In The Silver Beams Of Starlight
By R. J. Donovan
Everybody seems to have read Antoine de Saint-Exuperty's "The Little Prince" at one time or another. The simple story is one of a pilot who crashes his plane in a desert, comes upon a young boy -- The Little Prince -- and together they learn life lessons.
The sum and substance of it all is that the really important things in life are invisible. They must be felt with the heart rather than seen with the eyes.
Boston Lyric Opera, collaborating with The Wang Center, is holding court at The Shubert at the moment with a new production of "The Little Prince" based on a work that premiered in Houston two seasons ago. It's part of the company's "Flights of Fancy" season that continues with “Eugene Onegin” and “The Magic Flute.”
The score is by Rachael Portman, the libretto by Nicholas Wright and the original production was directed by Francesca Zambello.
With a wonderfully warm performance by baritone Keith Phares (left with Jeffrey Walter) as The Pilot and some engaging secondary characters, "The Little Prince" is a sweet evening. It may not produce genuine goose bumps and the score by Rachael Portman entertains without dazzling, but it's sweet all the same.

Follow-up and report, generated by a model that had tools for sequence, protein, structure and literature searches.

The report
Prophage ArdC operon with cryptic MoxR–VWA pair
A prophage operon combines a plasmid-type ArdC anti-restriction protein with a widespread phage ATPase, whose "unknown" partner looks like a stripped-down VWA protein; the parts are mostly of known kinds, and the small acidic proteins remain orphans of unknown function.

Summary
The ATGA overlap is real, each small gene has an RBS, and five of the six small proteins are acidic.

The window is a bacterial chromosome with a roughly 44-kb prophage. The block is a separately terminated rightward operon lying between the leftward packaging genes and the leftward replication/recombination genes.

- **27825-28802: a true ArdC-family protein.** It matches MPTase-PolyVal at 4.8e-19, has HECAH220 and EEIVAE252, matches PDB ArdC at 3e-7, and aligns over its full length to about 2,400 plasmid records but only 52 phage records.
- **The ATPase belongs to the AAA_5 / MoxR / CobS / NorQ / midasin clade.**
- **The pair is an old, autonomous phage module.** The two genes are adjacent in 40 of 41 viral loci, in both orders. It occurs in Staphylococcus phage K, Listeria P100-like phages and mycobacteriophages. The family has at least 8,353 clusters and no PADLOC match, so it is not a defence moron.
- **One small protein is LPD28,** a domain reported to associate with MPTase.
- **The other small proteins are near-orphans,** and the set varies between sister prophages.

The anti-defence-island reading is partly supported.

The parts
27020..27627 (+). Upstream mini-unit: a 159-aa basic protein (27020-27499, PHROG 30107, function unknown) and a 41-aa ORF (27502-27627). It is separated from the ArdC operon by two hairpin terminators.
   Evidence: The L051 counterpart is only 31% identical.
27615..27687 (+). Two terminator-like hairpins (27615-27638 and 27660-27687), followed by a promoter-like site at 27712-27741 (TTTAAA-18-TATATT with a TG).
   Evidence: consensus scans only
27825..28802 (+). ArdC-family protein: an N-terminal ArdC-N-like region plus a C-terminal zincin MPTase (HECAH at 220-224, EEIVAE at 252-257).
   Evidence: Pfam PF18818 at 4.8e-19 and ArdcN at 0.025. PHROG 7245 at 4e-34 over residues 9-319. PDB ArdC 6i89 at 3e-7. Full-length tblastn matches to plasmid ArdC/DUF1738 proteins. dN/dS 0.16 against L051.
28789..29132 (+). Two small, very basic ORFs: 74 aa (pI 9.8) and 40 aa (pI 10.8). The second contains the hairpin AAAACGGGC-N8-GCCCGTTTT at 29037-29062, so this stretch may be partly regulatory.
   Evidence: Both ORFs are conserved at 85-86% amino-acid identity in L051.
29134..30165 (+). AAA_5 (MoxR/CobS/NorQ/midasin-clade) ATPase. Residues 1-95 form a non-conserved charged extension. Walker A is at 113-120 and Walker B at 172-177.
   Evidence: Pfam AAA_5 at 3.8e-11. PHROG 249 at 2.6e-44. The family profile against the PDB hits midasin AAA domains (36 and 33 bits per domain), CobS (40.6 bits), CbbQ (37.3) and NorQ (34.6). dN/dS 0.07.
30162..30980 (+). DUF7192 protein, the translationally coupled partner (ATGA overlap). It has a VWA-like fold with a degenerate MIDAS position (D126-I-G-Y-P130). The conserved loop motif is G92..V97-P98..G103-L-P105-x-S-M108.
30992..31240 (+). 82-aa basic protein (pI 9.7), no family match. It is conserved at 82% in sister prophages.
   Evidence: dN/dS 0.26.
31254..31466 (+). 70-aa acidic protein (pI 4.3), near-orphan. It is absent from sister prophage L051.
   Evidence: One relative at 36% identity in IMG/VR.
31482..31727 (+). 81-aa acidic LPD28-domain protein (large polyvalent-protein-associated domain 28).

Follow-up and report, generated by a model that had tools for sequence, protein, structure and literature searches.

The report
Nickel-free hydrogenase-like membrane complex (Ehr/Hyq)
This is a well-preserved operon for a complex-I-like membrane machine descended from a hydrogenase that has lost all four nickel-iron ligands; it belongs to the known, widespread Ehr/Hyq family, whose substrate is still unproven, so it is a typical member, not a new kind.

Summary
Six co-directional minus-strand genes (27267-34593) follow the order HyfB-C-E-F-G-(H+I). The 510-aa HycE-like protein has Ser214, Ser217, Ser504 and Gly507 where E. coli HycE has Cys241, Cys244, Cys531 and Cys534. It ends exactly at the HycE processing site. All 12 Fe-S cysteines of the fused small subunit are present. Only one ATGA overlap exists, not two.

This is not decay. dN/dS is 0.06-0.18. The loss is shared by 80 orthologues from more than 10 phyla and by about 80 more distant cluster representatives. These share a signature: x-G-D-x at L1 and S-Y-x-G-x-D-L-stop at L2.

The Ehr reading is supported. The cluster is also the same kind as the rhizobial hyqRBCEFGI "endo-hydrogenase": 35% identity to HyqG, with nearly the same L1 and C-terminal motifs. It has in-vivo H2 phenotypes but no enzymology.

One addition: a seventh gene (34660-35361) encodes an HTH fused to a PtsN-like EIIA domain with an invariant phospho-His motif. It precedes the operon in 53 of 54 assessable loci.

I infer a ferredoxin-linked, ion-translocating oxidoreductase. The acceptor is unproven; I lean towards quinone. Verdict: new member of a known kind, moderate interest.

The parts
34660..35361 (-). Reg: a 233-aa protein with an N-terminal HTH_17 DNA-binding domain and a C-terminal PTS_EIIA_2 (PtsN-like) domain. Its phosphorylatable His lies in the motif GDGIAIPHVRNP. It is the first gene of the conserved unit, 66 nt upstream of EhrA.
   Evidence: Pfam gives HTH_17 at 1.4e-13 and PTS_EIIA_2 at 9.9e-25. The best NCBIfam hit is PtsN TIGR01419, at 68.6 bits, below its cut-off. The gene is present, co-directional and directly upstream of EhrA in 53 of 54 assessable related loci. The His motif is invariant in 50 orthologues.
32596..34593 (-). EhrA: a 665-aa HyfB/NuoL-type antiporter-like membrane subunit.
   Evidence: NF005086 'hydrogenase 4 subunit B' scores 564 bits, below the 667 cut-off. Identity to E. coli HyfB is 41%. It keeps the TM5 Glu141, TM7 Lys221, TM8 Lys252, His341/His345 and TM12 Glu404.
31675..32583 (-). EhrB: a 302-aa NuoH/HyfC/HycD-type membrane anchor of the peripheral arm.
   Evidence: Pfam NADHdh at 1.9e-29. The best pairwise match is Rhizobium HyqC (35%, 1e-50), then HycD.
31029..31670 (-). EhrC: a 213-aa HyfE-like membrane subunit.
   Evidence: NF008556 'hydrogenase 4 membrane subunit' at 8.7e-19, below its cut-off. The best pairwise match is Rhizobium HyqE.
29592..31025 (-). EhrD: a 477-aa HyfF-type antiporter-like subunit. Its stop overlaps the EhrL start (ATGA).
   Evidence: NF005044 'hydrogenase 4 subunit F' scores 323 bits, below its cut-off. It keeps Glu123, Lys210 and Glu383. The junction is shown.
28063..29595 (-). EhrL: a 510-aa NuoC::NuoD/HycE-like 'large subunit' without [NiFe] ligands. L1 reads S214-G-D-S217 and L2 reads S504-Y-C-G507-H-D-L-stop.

Much of the cast does double duty playing more than one role. Among the highlights, Christopher Hutton is all pinstripes and bushy eyebrows as The Businessman, David Kravitz is the Geographer (comically scratching notes in his oversized journal) and David Cushing has fun as the King who's seated in a tipsy throne. As The Fox, Claudia Fox is particularly good as she and the Prince bond in Act Two. Also of particular note is the BLO orchestra, under the crisp baton of Music Director Stephen Lord.
The major roles of the Pilot and Little Prince are double cast. On opening night, Jeffrey Walter (above) was The Little Prince opposite Phares. He’s faithful to the role, even if the poor kid's been saddled with an unflattering (and unprincely-like) costume and wig.
The Prince's costume in particular is a quandary since the rest of the late Maria Bjornson's outfits are colorful and clever. As well, her interesting set is framed by a circular telescope-like opening that expands and contracts during the action.
The chorus of "stars-in-the-making" consist of local children who give it their all as they sing and dance and give motion to flying paper cranes.
“The Little Prince” is a co-production of Boston Lyric Opera, The Wang Center for the Performing Arts, Houston Grand Opera, Skylight Opera Theatre, The Santa Fe Opera and Tulsa Opera.
"The Little Prince" is at The Shubert Theatre, 265 Tremont Street in Boston, through February 27. For information, call 800-447-7400.
Production photos by Richard Feldman.
-- OnStage Boston
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